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Paperback Henry V Book

ISBN: 0486268764

ISBN13: 9780486268767

Henry V

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Format: Paperback

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Book Overview

Based on Plutarch's account of the lives of Brutus, Julius Caesar, and Mark Antony, Julius Caesar was the first of Shakespeare's Roman history plays. Presented for the first time in 1599, the play reveals the great dramatist's consummate ability to explore and express the most profound human emotions and instincts. So clearly and urgently does it impact its insights into history and human behavior, Julius Caesar is traditionally among the first of...

Customer Reviews

5 ratings

Excellent support, some questions remain...

I bought this book yesterday. 1. What I like: The presence of "normal" English on every facing page means that my brain can take a break if it gets tired of the Elizabethan English on the left-hand page. It's kind of like those platforms that break up a long stairway. They are meant to give the heart a rest but not by stopping your walking (you can stop on the steps, too, after all). Both science and experience have shown that continuing to climb stairs, without a horizontal segment to break the stress, causes the cardiac tension to build and build until, in some cases, heart failure occurs. Even a short interval of a couple of seconds of horizontal walking is enough to break that cycle. This is why those platforms are mandated. The modern English in this book serves the same purpose. For a few moments, your brain can just...relax. Yet, you are still reading and making progress. You don't need to stop (which is dangerous because you might not start again!). The cycle of tension is broken and you can continue, refreshed. 2. What I don't like: Some things are not explained. For example, "Pompey's blood..." Most readers will assume this means the blood of his body, since he was, after all, killed in battle by Caesar's forces. According to Asimov (Asimov's Guide to Shakespeare), this is incorrect. "...blood" actually refers to Pompey's son, who was recently killed in Spain. This Spanish battle was the occasion for the triumph being discussed in this section of the play (Act I, scene i). This book does not explain this at all, and yet explaining these kinds of ambiguous words is the very raison d'etre of this book. Conclusion: If you need a little support when reading Shakespeare (and I certainly do), I highly recommend this book. But, take it with a small grain of salt. It is excellent support but it is not perfect. What it will do is this: it will get you back to reading Shakespeare! I sure wouldn't want to walk upstairs without those little platforms to break the stress. Buy it now.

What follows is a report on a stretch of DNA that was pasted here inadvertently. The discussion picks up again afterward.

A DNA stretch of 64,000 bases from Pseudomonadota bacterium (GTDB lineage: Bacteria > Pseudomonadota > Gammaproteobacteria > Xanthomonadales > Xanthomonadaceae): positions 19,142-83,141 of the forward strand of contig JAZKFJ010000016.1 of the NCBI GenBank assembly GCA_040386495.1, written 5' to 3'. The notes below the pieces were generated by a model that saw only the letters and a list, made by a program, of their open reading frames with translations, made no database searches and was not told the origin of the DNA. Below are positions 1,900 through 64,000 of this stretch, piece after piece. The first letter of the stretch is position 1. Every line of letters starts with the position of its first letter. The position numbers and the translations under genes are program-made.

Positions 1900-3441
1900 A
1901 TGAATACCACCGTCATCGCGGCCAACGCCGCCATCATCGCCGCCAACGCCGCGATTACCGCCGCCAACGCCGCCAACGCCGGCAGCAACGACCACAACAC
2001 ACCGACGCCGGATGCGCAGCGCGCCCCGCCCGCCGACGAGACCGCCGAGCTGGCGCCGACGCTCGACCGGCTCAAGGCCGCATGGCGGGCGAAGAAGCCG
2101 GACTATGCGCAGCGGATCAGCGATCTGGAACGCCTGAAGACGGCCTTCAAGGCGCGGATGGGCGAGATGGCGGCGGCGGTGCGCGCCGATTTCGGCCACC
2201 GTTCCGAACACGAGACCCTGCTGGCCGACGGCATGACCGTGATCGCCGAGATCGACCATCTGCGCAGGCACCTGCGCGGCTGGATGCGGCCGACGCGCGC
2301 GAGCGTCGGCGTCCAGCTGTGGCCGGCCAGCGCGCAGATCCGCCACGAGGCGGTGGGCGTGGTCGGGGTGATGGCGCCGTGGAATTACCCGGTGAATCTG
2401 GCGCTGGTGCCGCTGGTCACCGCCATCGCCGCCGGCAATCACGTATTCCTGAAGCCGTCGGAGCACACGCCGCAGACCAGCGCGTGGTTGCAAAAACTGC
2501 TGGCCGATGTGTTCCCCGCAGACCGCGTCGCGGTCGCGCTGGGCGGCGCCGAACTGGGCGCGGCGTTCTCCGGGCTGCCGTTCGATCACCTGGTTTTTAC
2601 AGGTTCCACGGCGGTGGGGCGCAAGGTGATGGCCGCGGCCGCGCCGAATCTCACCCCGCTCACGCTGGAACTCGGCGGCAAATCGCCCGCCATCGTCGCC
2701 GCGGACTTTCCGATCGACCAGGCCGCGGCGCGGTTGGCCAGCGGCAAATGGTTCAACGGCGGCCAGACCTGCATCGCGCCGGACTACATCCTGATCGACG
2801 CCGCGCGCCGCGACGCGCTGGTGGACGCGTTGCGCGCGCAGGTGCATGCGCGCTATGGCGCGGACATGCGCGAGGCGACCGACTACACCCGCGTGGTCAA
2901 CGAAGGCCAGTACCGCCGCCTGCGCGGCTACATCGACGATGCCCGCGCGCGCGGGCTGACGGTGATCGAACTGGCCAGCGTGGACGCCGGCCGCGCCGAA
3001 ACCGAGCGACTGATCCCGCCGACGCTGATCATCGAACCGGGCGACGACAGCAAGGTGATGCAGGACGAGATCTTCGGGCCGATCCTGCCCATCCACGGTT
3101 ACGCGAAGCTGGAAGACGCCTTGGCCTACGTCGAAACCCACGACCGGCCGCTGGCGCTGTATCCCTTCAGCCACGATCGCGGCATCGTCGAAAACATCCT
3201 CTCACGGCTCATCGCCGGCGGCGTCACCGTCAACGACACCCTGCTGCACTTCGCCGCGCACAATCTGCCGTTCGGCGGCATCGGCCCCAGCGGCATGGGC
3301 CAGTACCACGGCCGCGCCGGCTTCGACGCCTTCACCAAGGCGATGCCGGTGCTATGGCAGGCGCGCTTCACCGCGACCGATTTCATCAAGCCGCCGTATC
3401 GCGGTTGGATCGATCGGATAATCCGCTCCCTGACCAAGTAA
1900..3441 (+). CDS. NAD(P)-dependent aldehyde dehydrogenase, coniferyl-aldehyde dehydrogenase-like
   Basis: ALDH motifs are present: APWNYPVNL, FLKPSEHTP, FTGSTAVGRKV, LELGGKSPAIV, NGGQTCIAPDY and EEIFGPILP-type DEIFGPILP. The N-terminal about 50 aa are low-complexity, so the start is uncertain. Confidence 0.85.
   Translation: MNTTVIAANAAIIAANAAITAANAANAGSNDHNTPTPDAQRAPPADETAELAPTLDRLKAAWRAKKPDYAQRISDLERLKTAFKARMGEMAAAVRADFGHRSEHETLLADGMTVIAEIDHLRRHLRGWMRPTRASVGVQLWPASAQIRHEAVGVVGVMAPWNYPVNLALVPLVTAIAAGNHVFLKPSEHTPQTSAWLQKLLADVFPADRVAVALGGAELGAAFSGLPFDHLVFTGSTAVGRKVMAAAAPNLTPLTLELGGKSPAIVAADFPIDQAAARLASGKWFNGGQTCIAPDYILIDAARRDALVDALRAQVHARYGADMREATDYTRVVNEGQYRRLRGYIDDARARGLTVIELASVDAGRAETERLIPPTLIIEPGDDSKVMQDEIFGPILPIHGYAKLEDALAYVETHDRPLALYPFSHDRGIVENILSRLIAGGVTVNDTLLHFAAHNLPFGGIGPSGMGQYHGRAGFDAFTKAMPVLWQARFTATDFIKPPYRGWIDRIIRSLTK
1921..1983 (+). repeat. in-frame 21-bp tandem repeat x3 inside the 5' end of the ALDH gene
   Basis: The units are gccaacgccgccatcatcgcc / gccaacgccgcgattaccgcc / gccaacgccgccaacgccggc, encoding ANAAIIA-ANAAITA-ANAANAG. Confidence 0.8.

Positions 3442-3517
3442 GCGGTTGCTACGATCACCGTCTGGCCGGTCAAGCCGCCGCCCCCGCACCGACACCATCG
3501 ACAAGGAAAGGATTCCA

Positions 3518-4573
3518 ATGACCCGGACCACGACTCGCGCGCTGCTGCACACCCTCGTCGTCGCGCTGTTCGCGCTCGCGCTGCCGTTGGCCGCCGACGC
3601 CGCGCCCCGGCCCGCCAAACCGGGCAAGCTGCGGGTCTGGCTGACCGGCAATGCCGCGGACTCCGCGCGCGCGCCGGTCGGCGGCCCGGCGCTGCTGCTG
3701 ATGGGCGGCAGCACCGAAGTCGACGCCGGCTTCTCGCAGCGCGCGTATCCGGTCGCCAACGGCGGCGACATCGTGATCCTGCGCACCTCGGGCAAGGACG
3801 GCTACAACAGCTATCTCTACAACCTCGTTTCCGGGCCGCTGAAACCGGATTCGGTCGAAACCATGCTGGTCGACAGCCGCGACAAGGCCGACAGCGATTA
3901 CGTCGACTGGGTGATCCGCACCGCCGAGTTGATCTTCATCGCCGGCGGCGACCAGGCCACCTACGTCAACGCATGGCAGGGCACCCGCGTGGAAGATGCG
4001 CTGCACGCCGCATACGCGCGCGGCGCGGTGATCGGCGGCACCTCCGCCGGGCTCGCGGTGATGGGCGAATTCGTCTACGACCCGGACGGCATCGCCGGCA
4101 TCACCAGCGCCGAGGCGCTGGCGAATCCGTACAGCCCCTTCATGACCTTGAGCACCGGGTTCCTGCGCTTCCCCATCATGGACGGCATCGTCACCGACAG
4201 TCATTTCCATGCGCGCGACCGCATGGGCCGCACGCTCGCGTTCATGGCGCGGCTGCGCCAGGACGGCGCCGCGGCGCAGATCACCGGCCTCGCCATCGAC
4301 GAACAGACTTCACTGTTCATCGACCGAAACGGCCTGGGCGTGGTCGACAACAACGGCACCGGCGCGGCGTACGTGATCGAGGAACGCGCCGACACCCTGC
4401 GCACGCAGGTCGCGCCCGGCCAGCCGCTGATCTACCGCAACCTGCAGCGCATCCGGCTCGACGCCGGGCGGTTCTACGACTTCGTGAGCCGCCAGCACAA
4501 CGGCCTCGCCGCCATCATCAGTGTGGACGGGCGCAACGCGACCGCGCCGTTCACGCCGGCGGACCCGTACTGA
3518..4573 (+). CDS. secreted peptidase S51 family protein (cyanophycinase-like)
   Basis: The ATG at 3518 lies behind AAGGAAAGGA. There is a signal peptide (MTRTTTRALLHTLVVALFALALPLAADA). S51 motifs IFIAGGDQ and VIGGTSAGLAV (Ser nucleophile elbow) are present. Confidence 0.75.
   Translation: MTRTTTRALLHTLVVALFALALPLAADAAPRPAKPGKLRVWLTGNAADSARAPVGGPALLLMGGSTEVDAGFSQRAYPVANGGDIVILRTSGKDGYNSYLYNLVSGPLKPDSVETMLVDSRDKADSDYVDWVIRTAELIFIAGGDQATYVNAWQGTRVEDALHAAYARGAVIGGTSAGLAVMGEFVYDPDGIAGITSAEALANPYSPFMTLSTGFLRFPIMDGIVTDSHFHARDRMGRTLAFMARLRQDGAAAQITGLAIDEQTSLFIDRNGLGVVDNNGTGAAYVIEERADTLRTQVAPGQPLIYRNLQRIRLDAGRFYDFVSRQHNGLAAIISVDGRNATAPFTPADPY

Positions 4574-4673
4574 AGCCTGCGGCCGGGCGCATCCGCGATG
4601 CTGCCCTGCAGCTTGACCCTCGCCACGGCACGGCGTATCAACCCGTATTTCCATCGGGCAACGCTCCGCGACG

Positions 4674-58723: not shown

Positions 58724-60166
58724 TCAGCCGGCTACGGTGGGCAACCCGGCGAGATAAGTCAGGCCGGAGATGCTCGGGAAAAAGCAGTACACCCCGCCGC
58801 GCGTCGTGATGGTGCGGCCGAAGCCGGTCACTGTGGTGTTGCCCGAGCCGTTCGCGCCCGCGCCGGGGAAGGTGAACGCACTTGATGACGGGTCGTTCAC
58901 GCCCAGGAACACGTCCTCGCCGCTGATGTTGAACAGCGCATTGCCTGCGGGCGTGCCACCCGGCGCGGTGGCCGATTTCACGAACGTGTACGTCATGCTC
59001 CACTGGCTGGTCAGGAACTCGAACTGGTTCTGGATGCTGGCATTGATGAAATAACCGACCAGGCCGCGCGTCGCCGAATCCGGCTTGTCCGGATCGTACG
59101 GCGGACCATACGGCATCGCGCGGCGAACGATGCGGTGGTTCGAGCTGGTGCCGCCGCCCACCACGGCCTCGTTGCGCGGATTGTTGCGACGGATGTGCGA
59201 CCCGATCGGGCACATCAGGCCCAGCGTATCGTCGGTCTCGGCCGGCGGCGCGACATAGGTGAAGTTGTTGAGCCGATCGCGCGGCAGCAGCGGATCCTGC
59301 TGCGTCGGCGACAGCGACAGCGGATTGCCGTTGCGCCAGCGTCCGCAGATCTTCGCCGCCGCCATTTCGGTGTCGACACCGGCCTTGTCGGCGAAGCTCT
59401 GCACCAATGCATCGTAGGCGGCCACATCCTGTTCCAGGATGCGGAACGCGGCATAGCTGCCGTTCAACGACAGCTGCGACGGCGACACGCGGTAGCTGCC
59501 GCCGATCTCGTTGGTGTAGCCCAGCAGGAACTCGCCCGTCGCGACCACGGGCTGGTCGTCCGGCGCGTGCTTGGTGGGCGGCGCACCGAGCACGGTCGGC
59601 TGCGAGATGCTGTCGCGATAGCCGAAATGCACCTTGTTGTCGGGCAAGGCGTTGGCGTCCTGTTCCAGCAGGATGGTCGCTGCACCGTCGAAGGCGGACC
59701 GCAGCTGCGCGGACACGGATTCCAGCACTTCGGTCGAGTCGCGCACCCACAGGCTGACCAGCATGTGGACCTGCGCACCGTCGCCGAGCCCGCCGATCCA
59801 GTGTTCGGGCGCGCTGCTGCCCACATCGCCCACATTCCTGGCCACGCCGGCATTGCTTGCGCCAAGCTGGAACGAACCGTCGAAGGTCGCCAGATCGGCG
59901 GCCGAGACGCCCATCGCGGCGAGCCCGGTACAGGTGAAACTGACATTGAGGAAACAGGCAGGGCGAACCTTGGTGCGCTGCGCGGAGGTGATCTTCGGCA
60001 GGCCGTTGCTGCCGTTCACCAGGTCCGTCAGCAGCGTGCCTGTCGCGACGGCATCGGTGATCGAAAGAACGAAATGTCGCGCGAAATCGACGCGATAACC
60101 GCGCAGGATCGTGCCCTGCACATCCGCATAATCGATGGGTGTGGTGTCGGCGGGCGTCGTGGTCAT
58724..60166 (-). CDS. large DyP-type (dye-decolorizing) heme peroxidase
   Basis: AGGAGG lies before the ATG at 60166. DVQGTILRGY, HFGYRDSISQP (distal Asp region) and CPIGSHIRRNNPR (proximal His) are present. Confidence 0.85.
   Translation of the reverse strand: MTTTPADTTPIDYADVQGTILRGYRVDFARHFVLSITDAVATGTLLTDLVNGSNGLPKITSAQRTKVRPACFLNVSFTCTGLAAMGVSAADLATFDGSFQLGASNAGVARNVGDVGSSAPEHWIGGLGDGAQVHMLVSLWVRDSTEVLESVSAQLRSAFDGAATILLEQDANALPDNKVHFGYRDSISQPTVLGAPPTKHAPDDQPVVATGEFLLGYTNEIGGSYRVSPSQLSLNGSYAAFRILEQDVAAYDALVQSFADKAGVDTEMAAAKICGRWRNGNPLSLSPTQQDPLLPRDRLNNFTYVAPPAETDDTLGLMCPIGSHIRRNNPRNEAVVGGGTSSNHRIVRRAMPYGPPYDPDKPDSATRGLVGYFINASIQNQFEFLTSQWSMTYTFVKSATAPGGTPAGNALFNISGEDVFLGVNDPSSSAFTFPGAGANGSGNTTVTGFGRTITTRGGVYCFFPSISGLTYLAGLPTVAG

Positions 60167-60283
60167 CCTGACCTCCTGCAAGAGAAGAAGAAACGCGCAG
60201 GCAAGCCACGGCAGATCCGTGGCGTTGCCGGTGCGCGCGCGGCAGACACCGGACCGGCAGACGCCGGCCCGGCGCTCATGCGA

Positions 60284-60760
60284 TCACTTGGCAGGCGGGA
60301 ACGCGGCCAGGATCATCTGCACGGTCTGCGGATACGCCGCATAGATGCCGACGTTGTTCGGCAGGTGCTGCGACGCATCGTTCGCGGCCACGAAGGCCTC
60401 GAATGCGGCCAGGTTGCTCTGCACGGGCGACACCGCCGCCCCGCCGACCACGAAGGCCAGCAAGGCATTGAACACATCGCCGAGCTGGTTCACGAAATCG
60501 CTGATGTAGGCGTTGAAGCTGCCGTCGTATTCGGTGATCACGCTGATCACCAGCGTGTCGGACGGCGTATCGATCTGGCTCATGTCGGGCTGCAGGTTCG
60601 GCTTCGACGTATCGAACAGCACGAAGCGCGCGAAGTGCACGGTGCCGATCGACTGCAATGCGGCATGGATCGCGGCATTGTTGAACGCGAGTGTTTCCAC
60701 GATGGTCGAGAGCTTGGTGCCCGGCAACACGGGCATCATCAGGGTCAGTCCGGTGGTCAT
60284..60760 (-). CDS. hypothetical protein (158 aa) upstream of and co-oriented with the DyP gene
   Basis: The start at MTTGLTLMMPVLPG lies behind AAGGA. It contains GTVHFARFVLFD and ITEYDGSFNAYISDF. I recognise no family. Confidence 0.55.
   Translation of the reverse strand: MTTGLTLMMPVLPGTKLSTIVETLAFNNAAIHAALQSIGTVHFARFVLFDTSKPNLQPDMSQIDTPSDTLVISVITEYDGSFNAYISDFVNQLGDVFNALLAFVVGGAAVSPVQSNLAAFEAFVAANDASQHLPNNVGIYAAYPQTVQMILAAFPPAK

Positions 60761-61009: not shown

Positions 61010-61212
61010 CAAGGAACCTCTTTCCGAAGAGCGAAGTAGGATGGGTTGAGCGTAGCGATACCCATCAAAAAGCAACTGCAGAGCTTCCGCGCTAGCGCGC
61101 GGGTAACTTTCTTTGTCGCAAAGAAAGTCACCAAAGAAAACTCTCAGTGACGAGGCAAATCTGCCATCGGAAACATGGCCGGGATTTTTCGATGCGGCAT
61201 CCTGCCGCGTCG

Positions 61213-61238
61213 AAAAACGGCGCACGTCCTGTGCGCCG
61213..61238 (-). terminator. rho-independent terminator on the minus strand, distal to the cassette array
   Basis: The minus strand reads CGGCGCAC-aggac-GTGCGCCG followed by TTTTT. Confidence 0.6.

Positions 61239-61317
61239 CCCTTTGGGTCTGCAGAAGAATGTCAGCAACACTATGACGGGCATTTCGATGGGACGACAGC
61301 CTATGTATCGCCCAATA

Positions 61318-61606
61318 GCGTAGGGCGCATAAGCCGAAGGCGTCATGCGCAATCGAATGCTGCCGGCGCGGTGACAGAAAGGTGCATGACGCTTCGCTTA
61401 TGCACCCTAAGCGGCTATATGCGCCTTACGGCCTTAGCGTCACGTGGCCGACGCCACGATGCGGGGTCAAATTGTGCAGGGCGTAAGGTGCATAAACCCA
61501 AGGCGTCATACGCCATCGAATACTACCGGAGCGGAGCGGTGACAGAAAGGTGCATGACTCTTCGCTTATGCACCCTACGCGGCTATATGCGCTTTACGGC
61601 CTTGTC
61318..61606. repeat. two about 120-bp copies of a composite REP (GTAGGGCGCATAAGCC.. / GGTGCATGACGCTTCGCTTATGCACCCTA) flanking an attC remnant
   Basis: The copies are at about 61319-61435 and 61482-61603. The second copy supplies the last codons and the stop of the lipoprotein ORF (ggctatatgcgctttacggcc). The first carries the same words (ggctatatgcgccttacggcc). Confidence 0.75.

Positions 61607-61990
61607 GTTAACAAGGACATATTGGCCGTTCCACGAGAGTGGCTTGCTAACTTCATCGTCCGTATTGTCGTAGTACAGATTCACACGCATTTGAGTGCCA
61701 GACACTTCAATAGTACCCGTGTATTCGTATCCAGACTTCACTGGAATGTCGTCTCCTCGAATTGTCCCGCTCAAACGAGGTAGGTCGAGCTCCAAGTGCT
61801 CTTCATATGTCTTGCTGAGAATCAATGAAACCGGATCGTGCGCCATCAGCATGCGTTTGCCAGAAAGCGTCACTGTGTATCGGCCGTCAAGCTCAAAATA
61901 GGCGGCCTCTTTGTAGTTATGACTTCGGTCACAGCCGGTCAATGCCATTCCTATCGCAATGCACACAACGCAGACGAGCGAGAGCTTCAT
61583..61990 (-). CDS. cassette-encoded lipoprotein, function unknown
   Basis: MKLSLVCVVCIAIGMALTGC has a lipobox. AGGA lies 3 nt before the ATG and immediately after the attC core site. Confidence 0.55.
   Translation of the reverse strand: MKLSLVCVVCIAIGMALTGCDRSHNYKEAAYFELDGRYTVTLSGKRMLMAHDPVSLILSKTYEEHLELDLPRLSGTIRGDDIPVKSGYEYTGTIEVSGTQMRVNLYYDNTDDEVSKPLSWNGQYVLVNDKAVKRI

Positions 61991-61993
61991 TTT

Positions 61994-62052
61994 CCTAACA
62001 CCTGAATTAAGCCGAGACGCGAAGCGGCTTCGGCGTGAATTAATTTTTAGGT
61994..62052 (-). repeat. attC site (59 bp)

Roman Revolution